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Organizing a Family Council

Each family council is different, according to the needs and interests of its members. As a result, there are no hard and fast rules about organizing and running a council. However, experience has shown that the effectiveness and ongoing success of a family council has much to do with the initial organizing.

Where to Begin

Before starting to organize a council, contact the social worker and the administrator of the home to enlighten them about family councils and to enlist their support. A presentation of the idea at a staff meeting of the nursing home would also be helpful, so that all nursing home personnel understand and do not feel threatened by a family council being started.

Plan an initial meeting with families and friends:

  • Plan a meeting to which all families and friends of the residents of the home will be invited to determine if the families are interested in having a council, and, if so, to begin the process of organizing. In some cases, the nursing home is willing to send out invitations to the families. Following up on the invitations with a personal telephone call is very effective. Notices should also be posted in the home, because all interested family members and friends may not be included on the home’s mailing list. or
  • Get together a small group of families and friends who are already active and involved and work with them to plan and run the introductory meeting. This can be more time-consuming initially, but in many cases, it will be more effective because it establishes, from the start, that the council will be run by the families themselves, rather than the staff.

The Introductory Meeting

The introductory meeting should include:

  1. Presentation: An explanation of family councils, their purpose, importance and organization. Slide or video presentations may be used for this purpose. CANHR can provide some fact sheets for the meeting.
  2. Organizing: A decision on whether or not they want a council. If the concept is explained with enthusiasm it is unlikely that they will respond negatively. However, it is important that the principle of self–determination is established by making it their decision.
  3. Selection of officers: Since the families often do not know each other yet, most councils begin with temporary, volunteer officers, who serve until regular elections can be held. Most councils have a chair (or president), a vice–chair, a secretary, who will take notes during the meetings, and a treasurer. Some councils have co–chairpersons to share the duties.

Having co–chairs or alternating leadership is often a good idea. This builds leadership skills and prevents the chair from being “co–opted” by the facility and keeps the family council from becoming a “personal” agenda, rather than a group agenda. No chairperson should serve more than one year, unless there are no alternatives and he/she should not speak on behalf of the group without its permission.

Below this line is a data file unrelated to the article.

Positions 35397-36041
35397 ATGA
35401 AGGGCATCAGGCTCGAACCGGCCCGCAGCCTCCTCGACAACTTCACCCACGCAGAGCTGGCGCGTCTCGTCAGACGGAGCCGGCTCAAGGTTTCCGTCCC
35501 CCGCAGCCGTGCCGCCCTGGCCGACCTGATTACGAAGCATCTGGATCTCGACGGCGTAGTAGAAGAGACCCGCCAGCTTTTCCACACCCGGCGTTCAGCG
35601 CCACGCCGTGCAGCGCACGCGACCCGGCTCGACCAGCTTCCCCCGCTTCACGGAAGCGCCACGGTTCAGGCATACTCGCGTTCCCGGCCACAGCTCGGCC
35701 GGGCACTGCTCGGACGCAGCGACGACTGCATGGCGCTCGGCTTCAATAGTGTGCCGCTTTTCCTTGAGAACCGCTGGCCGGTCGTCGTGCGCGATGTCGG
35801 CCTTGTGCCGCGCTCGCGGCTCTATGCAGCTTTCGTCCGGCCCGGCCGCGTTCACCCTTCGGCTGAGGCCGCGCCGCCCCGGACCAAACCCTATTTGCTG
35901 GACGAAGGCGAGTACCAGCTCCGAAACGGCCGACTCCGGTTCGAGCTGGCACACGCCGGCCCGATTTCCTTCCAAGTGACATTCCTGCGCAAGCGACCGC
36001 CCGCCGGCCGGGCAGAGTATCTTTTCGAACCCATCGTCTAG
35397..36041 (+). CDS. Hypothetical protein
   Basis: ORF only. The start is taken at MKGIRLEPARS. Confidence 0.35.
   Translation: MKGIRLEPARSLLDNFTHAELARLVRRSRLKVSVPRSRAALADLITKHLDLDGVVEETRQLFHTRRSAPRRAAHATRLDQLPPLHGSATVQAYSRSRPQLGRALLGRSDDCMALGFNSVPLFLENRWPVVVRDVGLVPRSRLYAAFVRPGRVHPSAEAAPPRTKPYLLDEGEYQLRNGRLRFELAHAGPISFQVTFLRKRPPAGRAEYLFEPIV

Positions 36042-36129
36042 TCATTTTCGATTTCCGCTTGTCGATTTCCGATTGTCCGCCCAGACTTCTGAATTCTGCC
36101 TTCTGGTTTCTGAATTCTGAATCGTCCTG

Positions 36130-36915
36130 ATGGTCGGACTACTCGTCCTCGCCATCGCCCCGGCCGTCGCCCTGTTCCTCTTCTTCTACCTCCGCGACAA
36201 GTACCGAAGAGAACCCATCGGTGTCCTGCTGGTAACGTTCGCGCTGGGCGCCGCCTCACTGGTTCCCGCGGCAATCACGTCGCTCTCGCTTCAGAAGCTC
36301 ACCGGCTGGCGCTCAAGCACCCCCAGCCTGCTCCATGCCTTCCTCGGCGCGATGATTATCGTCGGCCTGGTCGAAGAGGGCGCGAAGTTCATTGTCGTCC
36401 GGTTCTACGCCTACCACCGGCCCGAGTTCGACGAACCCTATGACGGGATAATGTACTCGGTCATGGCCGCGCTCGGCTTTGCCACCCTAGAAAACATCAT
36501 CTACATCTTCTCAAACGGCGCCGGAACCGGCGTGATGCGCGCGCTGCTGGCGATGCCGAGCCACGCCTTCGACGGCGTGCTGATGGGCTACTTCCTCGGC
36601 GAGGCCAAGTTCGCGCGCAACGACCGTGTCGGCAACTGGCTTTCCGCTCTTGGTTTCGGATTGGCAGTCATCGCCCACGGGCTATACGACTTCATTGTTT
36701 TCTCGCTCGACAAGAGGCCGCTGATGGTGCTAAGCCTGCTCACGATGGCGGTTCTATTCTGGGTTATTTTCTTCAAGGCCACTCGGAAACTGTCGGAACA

Staff Involvement

Members will often suggest that the staff run the council instead of, or until, electing officers. This has proven to be unsuccessful in most cases. A staff–run council is not a family council. In many instances where a family council has been staff–run, interest and attendance has steadily declined or the council has lapsed into a purely social group. Often a staff–run council meets infrequently or is not very active because the staff doesn’t have adequate time to devote to it. In many instances, well–meaning staff persons have agreed to run a council “temporarily” only to find it much harder to get the family members to assume responsibility later. By selecting temporary officers at the very first meeting, many such problems can be avoided.

Although the facility is required to designate a staff liaison to provide assistance and to respond to written requests from the group, this staff person is not required to attend the meeting. In fact, staff are permitted to attend only with the consent of the council. It is important to have at least some time at each meeting where the family council members can meet in private.


A decision should be made on what the basic structure of the family council should be. Two structures are most common:

  1. Group structure: if the group of interested families and friends is small, a council usually invites all families to each meeting. Planning, decision–making, and other basic functions are carried out in these meetings.
  2. Committee structure: if the group is large, a steering or executive committee is often selected to plan and make decisions that would be difficult or time–consuming to deal with in the full council. This committee may meet monthly, prior to the regular meeting and make reports to the full council. One of its major tasks is to plan regular meetings and projects to which all families are invited. The steering committee can include all officers, sub–committee chairpersons, representatives of each floor or wing, or a number of members elected by the whole membership. With this type of structure, it is very important that the steering committee make efforts to get input from other members and to keep other members active and involved.